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Review: Stepping Stones by Lucy Knisley

Stepping Stones (Peapod Farm #1)

By Lucy Knisley

Random House Graphic

ISBN: 978059312524
$12.99 (PB)
Grades 3-7
Out Now

Find it at:
McLean & Eakin | Your Library

The first time I heard of Lucy Knisley was when her second book, Relish, was announced as an Alex Award winner at the 2014 Youth Media Awards. I went out and read it and have been singing its praises ever since – honest, vulnerable, intelligent, and informative – a joy to read. The Alex Award is given to “books written for adults that have special appeal to young adults”, so as I’ve been enjoying her post-Relish work for grown-ups, I’ve held out hope that one day she might write a graphic novel for a younger audience. That day has arrived, folks, and Stepping Stones is the sort of memoir(ish – it’s fiction) story that readers are going to read and reread and reread.

When her parents divorce, Jen is uprooted from the city to live a country life of chicken coops and farmers markets with her mom. This extreme scenery change would be hard enough, but added into the mix are mom’s often-annoying boyfriend, Walter, and his two daughters. Will Jen find her place in this unfamiliar new reality?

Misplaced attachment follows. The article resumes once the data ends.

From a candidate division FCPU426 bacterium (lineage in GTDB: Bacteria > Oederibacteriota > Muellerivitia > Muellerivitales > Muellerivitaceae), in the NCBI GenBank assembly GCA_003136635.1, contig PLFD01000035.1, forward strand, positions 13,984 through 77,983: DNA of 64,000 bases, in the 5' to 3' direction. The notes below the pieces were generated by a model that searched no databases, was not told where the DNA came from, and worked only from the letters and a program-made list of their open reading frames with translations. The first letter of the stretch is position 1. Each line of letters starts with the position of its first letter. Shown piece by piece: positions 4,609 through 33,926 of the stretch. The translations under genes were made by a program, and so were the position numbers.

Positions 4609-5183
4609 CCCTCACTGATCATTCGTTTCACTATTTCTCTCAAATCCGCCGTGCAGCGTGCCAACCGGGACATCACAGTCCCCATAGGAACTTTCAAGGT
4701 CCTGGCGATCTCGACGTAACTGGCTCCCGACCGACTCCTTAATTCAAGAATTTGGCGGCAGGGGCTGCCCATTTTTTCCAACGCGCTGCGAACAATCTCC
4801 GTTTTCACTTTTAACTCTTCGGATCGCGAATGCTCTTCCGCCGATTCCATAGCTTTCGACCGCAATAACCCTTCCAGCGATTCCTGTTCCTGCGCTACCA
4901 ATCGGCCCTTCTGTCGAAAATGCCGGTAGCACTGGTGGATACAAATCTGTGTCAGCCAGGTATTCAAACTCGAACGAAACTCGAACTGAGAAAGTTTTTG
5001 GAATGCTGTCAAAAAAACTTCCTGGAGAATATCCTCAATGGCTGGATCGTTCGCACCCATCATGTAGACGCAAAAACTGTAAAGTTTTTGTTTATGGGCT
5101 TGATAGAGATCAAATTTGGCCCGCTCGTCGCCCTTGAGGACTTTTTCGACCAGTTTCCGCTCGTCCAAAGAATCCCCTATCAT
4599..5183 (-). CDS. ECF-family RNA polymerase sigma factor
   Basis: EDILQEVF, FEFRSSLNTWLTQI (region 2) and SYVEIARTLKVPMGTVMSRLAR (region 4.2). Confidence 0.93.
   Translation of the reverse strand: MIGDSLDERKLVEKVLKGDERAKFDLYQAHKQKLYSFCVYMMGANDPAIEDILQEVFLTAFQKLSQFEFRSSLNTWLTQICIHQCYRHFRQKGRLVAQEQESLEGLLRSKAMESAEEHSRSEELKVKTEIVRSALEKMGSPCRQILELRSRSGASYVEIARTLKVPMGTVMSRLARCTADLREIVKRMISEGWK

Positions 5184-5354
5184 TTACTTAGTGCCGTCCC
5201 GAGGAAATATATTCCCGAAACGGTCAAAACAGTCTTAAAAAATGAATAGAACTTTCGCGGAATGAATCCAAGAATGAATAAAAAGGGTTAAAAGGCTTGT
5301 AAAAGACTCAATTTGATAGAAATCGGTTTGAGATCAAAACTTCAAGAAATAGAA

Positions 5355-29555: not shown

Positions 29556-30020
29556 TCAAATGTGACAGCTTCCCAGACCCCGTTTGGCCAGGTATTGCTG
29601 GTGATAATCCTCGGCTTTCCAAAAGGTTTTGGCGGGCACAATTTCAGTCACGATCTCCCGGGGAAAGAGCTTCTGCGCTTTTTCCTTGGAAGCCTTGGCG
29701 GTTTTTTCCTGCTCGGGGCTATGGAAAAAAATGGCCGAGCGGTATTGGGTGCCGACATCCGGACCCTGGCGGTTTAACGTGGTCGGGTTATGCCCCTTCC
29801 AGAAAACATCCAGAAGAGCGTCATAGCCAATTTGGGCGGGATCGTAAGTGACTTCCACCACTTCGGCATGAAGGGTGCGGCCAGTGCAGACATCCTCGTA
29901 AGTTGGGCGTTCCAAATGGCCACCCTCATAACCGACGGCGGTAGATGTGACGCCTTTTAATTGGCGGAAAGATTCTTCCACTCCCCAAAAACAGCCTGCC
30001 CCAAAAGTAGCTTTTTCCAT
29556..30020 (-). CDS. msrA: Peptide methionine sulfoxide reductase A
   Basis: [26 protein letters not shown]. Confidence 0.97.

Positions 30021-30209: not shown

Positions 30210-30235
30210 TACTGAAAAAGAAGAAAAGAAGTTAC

Stepping Stones isn’t a memoir, but id does draw on elements from the author’s real life. Because of this, it hums with authenticity. The relationship between struggling Jen and know-it-all Andy will ring true for many readers. Knisley also deftly deploys humor in ways that make for a balanced emotional journey.

Knisley’s pencilwork (Blackwing 602s) is clean and refined. The digital color is subtle and warm. The pacing and panel work is clear and unfussy.

Stepping Stones is a wonderful kick off this this fish-out-of-water series. It’s also likely to make a whole lot of new Lucy Knisley fans.

Review copy purchased.

Watch Lucy Knisley give some behind the scenes deets on Stepping Stones:

About Travis Jonker

Travis Jonker is an elementary school librarian in Michigan. He writes reviews (and the occasional article or two) for School Library Journal and is a member of the 2014 Caldecott committee. You can email Travis at scopenotes@gmail.com, or follow him on Twitter: @100scopenotes.


  1. I really liked how realistic the relationship with the stepdad character was. So many times kids are in situations like that and the adults don’t grow or change and the kids just have to get through it. I don’t know that we always see that expressed in books about adult characters who aren’t coded as “the bad guy” in some way.